Emma Bell, Ph.D.
Postdoctoral research fellow
Princess Margaret Cancer Centre, Toronto, Canada
Dr. Emma Bell is a postdoctoral research fellow at the Princess Margaret Cancer Centre in Toronto, Canada. As a bioinformatician, they combine biology, statistics, and information engineering, to ask biologically and clinically meaningful questions of genomics data. They aim to improve gynaecological healthcare outcomes for women, non-binary and trans people. Dr. Bell believes a scientist's responsibility to society extends beyond the walls of their lab. Thus, they seek out opportunities to engage with those outside academia.
Dr. Bell's research aims to improve outcomes in gynaecological healthcare for women, non-binary and trans people. As a bioinformatician they combine biology, statistics, and information engineering, to derive biologically and clinically meaningful patterns from genomics data. Their work divides into three key areas of interest and expertise: epigenetics, cancer biology, and bioinformatics.
Epigenetics is a collection mechanisms by which cells control the organisation and activity of our DNA. If genetics is the words on a page, epigenetics is the grammar influencing the meaning and delivery of that text. Each cell type within our bodies has its own unique epignetic profile. This ensures the cell expresses the right genes, at the right times, in the right amounts. When a cell becomes cancerous, it takes on a distinctive epigenetic profile. Dr. Bell uses epigenetic profiling to understand what's driving a cell's behaviour and how that changes during a cell-state transition (e.g. oncogenesis).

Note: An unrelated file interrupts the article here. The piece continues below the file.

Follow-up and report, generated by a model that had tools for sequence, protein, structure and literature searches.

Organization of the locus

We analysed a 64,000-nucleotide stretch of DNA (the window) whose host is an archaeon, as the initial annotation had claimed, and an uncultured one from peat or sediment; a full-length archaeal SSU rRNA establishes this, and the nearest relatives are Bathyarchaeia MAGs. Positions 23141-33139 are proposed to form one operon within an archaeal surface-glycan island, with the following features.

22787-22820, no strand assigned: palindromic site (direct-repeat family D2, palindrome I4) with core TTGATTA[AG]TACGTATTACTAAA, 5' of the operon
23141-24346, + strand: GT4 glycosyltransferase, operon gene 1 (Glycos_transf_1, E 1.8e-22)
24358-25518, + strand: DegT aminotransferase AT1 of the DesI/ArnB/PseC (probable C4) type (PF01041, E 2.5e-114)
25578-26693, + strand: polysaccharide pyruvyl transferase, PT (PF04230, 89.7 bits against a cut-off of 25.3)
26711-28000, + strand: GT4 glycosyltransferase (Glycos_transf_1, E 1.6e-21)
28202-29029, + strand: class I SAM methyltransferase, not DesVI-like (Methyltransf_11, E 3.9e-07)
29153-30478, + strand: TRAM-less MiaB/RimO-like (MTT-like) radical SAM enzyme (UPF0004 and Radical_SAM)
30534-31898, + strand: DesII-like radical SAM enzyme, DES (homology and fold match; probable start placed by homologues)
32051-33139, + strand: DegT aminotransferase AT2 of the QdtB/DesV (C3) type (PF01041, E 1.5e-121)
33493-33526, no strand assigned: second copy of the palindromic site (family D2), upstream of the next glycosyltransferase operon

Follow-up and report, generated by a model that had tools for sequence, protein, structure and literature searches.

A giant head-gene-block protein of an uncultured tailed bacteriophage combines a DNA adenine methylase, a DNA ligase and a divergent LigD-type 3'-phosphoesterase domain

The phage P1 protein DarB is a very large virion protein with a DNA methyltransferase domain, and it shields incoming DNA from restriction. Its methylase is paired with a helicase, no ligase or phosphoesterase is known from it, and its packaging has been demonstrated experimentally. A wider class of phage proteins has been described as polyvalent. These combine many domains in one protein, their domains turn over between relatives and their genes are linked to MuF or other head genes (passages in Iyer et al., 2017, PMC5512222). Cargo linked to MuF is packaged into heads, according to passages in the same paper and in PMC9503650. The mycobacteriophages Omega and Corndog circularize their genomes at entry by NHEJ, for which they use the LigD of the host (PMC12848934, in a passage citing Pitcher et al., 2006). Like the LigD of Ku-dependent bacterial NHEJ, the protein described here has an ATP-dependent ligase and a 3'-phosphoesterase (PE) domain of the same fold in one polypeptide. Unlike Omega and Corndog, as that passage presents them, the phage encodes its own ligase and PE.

Cancer Research U.K. estimates that 38% of cancers are preventable through lifestyle changes. If clinicians could identify patients at risk, they could intervene to reduce their likelihood of developing cancer. The earlier clinicians can diagnose cancer, the better a patient's chances of long-term survival. Gynaecological cancers tend to have vague symptoms, easily misattributed to more common, less serious conditions. Thus, by the time many patients receive their diagnosis, the cancer is at an advanced stage. Effective screening tools would improve rates of early diagnosis. Dr. Bell's work aims to improve how we evaluate the risk of and screen for cancer.
Bioinformatics is the application of maths, statistics, computing, and information engineering to biological data. These skills are vital to working large-scale data sets, for example DNA sequencing. Dr. Bell develops bespoke data processing software to analyse genomics data. This allows them to elucidate biologically informative patterns within heterogeneous data.